"The Incendiary: The Misadventures of John the Painter, First Modern Terrorist" by Jessica Warner

By Jessica Warner. McClelland & Stewart, 298 pp, $32.99, hardcover.

John Aitken was a lonely and hapless Scot from the slums of Edinburgh who set out to seek his fortune, only to find friendlessness and unemployment in the bleak streets of England. He travelled to America at a time when the 13 colonies were on the brink of revolution, then returned to England with the intent of destroying the Royal Navy's shipyards at Portsmouth and Bristol.

He almost succeeded.

Acting on instructions no more explicit than a nod and a wink from the dimwitted American envoy to Paris, Silas Deane, and motivated less by revolutionary commitment than by a desire to escape his dreary life of petty larceny and obscurity, Aitken embarked upon a plan to bring down the British Empire by the effect of his crudely designed incendiary devices.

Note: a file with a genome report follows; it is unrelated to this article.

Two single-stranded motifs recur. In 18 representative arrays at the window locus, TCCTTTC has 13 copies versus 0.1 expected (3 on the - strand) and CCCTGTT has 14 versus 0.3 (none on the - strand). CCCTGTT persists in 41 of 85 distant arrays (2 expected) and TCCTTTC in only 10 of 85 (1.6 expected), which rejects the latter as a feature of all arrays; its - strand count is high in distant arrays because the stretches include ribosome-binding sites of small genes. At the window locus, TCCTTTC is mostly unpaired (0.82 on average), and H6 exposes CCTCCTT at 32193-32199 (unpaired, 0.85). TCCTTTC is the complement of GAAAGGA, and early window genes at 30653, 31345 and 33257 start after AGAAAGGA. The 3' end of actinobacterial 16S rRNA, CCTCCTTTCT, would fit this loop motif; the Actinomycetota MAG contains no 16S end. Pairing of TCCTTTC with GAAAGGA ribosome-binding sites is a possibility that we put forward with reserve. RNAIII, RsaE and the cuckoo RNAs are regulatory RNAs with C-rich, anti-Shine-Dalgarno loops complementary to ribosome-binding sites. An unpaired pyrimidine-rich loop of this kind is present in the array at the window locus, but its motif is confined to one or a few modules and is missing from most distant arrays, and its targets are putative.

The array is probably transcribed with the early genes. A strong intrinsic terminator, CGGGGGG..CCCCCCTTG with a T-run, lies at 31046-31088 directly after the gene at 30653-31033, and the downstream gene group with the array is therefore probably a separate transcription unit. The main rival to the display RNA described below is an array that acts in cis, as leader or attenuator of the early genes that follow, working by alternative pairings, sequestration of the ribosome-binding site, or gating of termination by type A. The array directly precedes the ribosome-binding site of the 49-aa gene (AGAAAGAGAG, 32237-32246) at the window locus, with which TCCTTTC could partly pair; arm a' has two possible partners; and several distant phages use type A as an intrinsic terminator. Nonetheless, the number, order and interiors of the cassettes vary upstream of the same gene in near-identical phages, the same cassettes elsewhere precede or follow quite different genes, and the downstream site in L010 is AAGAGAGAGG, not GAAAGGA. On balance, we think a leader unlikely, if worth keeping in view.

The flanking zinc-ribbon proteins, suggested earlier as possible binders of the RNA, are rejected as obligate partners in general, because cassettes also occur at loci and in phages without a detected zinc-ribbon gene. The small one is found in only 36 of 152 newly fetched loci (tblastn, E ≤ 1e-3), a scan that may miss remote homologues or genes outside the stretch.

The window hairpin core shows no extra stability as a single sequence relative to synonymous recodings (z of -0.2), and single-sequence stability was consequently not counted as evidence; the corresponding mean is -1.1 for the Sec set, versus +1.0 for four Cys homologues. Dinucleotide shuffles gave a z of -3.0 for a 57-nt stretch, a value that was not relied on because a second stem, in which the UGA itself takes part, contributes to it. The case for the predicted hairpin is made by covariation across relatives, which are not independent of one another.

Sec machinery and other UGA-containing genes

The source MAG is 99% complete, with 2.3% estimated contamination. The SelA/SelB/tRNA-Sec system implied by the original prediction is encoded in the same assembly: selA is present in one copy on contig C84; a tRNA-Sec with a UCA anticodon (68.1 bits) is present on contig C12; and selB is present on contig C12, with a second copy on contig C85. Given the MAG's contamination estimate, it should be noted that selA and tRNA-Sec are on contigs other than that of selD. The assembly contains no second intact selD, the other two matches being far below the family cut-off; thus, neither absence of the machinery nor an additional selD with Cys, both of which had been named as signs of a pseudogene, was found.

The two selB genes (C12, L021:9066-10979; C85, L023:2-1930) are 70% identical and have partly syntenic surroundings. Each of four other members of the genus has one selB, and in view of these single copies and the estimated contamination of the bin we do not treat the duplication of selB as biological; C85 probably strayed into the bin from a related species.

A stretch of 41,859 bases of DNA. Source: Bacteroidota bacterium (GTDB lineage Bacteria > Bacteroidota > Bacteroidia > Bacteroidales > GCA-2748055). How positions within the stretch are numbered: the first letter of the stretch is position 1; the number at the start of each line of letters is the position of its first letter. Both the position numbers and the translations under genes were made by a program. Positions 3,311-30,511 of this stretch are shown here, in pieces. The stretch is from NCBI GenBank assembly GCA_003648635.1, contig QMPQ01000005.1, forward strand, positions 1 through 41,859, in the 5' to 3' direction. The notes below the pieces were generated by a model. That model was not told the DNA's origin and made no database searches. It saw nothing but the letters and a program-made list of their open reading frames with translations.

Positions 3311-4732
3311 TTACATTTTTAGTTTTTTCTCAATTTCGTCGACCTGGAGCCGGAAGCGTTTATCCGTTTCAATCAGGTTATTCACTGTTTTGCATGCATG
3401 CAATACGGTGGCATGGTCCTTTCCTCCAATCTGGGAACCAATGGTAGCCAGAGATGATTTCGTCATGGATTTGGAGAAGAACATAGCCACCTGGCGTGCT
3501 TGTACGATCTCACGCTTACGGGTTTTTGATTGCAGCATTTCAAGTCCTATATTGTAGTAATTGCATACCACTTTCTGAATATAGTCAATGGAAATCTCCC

The few fires Aitken managed to set had little effect on Britain's shipbuilding capacity, but they did rouse a paranoid frenzy among Britons that gives Jessica Warner's telling of his story some contemporary relevance in the light of circumstances prevailing in the United States.

"A nation lost its footing," Warner writes. "Reasonable people became unreasonably suspicious of the strangers in their midst. Conservative politicians exploited the crisis and attempted to prolong it, branding anyone who dared to oppose them as unpatriotic."

There was imprisonment without trial, and there were special jails where revolutionary suspects languished. Warner's brief description of Aitken's aftermath invites comparison to current American jitteriness, and its housing of suspected jihadists at Guantíƒ ¡namo Bay, but only just. Also, the book's subtitle suggests The Incendiary is at least partly about the origins of terrorism, and one might have expected Warner to pursue certain questions about terrorism in the context of Aitken's exploits.

She doesn't, but the book is no less satisfying for that. The story is a sufficiently dramatic one, and Warner's account, exhaustively researched, presents a particularly vivid portrait of Aitken and the desperate, cruel times in which he lived.